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On my return things worked out much better than expected; in fact it turned out that being last to bed actually gave me an advantage, because it allowed me to become a human version of The Bigglet. Ordinarily he’s the last one in and his insertion method is ruthlessly efficient, gaining a much bigger share of the bed than a little furry person called Biggles should really have. He trots up along the side that is next to all the fittings (cupboard doors and such), gets his back firmly against solid wood and uses both his paws and his noxious little white bum to force the rest of us into an ever smaller portion of the bed.

Now it was my turn. Compelled by the desperate need to sleep and armed with a gut full of gas from hurriedly consuming a bag of dry roasted peanuts during my photography session, I applied the Biggles bed entry technique almost flawlessly. I say almost flawlessly, because although I got space, I didn’t get enough blanket to cover my feet. However, as I put the squeeze on the other bed occupants, Beanie kind of popped out and ended up nestling by my toes, keeping them toasty warm.

I only got to enjoy the bed for a few hours however; all too soon my alarm told me it was time to go back out for a bit of sunrise photography. As I left the van Susan taunted me with the thought that while I was out there shivering, she’d get to enjoy all that extra free space in the bed.

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I stayed out taking photos longer than intended, and yet when I arrived back at the van everyone was still snuggled under the covers. It turned out that things hadn’t quite gone to plan for Susan however. She’d expected Biggles to stay in his part of the bed, leaving her ample room to stretch out. It didn’t work that way; Biggles may like having his own space, but that space still has to be next to another living body. No matter where she moved in the bed Biggles homed in on her, making otherwise spacious sleeping arrangements seem cramped.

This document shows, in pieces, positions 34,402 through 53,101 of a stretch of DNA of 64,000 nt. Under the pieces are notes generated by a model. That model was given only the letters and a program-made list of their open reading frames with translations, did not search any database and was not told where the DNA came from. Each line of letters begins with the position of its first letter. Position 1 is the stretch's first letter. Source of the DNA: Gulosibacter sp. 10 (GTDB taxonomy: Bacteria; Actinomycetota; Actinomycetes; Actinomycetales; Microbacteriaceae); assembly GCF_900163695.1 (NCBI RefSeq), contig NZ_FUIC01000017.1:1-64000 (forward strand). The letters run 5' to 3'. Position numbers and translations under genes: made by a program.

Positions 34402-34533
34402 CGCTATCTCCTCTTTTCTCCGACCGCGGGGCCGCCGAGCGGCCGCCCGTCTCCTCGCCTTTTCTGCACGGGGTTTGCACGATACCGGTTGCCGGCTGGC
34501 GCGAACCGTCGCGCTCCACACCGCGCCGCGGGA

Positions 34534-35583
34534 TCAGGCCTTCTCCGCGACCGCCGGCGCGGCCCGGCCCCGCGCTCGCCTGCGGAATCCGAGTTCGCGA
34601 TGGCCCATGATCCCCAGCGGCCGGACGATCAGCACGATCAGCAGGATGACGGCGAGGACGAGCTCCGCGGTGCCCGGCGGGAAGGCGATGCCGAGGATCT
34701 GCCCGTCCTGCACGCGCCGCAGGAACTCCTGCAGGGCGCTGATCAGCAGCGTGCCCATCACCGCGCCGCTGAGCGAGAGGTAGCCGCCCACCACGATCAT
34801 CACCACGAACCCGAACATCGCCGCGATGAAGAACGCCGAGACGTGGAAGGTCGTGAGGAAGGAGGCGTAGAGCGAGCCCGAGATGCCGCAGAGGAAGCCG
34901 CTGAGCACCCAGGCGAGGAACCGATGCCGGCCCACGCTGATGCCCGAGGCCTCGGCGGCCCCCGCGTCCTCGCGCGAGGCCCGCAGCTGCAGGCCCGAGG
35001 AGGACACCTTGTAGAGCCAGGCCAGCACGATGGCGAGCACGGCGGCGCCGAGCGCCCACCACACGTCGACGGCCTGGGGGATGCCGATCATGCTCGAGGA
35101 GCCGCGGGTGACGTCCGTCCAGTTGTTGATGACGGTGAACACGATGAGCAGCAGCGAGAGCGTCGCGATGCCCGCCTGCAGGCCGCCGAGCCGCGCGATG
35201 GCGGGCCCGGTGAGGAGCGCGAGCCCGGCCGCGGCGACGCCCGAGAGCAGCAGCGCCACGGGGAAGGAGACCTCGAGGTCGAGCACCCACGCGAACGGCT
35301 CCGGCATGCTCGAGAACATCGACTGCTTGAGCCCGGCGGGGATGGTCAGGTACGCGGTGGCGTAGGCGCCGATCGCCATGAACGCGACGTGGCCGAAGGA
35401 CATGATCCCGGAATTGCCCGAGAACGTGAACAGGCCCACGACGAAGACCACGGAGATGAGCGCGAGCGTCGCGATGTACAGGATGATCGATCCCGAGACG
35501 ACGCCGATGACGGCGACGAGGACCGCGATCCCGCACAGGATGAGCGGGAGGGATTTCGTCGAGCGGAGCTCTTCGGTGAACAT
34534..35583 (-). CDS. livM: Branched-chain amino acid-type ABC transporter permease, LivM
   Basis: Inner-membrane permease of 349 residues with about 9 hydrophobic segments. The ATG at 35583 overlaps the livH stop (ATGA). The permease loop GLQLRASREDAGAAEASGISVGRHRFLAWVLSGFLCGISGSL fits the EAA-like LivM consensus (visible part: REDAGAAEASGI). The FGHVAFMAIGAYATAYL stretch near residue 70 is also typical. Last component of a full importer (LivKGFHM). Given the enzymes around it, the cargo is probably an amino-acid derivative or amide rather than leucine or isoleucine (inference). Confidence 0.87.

Comfortable or not, it still took some considerable coaxing to get all the stop-in-beds up and ready for a sniffy, stimulating walk in the bright morning sunshine.

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Breakfast was served on our return to the van, and somehow the eating arrangements became almost as cramped as those for sleeping. It’s funny how a little girl’s bowl can migrate towards her brother’s when he seems to have a bit more in his.

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We sat and relaxed for a while as other visitors began to arrive at the lighthouse, and though Biggles kept a close watch on each every one of them, there was surprisingly little woofage. Is his lordship finally becoming more tolerant of other people and dogs? It’s going to take more than one well-behaved outing to convince me.